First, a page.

Want to know if you're compatible with a guy? Count up how many times you and he use the words and, but, and for in a conversation. If the number of times he says those words is close to the number of times you say them, there's a high chance that you're a good match. That's what researchers from Northwestern University are claiming. In what might be the most random-seeming study on relationship compatibility, two professors looked at women and men's use of about 180 small words (personal pronouns, articles, prepositions, conjunctions, and the like), and discovered that using those words with a similar frequency in conversation is an indicator of romantic success, according to an article on The New York Times's Well blog.
By Zoë Ruderman
We were less than convinced by the findings. A similar taste in music? Sure. The same sense of humor? Definitely. But the same propensity to drop the word of in a conversation? Uh, we wouldn't put money on a couple based on that. Then we read how they conducted the experiment and we have to say that, while we're not about to start choosing a guy based on the fact that we both say the about five times a minute while talking, we're intrigued. They observed 187 subjects speed dating and correctly predicted which couples would be a match at the end of the event. They also read instant message conversations and again, made accurate predictions, this time about who would be together after three months and who wouldn't. And lastly, the team analyzed letters between famous couples, such as Sylvia Plath and Ted Hughes, and the similarities or lack of similarities of small word use in their exchanges backed up the researchers' conclusions.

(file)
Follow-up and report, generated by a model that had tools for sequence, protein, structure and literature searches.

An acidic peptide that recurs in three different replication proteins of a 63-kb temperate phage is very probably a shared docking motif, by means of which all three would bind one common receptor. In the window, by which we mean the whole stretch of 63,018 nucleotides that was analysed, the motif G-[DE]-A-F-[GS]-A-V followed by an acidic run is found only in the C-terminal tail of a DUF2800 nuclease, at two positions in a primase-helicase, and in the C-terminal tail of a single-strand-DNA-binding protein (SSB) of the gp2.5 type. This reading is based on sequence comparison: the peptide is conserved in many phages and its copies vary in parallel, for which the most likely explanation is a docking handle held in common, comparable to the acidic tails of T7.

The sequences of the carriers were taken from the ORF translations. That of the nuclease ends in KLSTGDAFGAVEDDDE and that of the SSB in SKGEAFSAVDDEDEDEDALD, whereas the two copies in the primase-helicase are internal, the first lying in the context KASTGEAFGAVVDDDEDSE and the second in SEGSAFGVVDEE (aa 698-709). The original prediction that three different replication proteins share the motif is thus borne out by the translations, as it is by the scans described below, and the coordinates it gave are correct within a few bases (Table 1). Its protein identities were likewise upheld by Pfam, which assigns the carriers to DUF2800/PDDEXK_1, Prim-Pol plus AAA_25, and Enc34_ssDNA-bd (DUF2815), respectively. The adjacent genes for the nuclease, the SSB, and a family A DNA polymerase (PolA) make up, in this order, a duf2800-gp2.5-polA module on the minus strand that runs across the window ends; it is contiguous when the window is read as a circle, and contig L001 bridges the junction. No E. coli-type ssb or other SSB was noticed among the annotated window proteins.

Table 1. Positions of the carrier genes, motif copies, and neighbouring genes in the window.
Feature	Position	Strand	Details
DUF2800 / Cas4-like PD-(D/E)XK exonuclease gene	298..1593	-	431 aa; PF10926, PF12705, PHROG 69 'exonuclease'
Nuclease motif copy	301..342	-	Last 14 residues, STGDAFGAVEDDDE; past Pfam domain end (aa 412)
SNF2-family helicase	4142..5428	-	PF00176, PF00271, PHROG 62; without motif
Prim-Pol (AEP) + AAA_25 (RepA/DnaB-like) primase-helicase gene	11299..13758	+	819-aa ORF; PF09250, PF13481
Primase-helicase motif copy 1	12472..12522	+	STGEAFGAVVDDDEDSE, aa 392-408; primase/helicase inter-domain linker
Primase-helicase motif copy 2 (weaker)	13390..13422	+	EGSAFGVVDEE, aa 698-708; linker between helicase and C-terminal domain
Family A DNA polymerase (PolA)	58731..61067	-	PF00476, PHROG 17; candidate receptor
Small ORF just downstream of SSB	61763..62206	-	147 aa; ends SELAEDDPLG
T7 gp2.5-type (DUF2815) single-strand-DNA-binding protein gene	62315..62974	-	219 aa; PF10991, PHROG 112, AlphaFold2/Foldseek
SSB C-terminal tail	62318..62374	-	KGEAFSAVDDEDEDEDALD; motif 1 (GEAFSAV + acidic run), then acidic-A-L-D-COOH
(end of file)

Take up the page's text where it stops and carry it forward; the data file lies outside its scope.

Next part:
The researchers set up an online diagnostic tool and I tried it out (despite being nervous that it would tell me that my boyfriend and I were doomed). You submit an email or Gchat conversation (with your writing in one box, his in the other), fill in how old you both are, what type of relationship you're in, and how in synch you think you are with the person. Then out pops your LSM (Language Style Matching) score. I put in a few short email exchanges and my boyfriend Kris and I got a 0.86. I was told, "Your LSM score is slightly above average. Most LSM scores for emails range between .75 and .95, with an average around .84." Hmm, just slightly above average? Though they did add this disclaimer: "Do not take this feedback about LSM too seriously."
Related: 7 Scary Truths About Getting Engaged
You can try out the diagnostic tool here. Let us know your score in the comments section.
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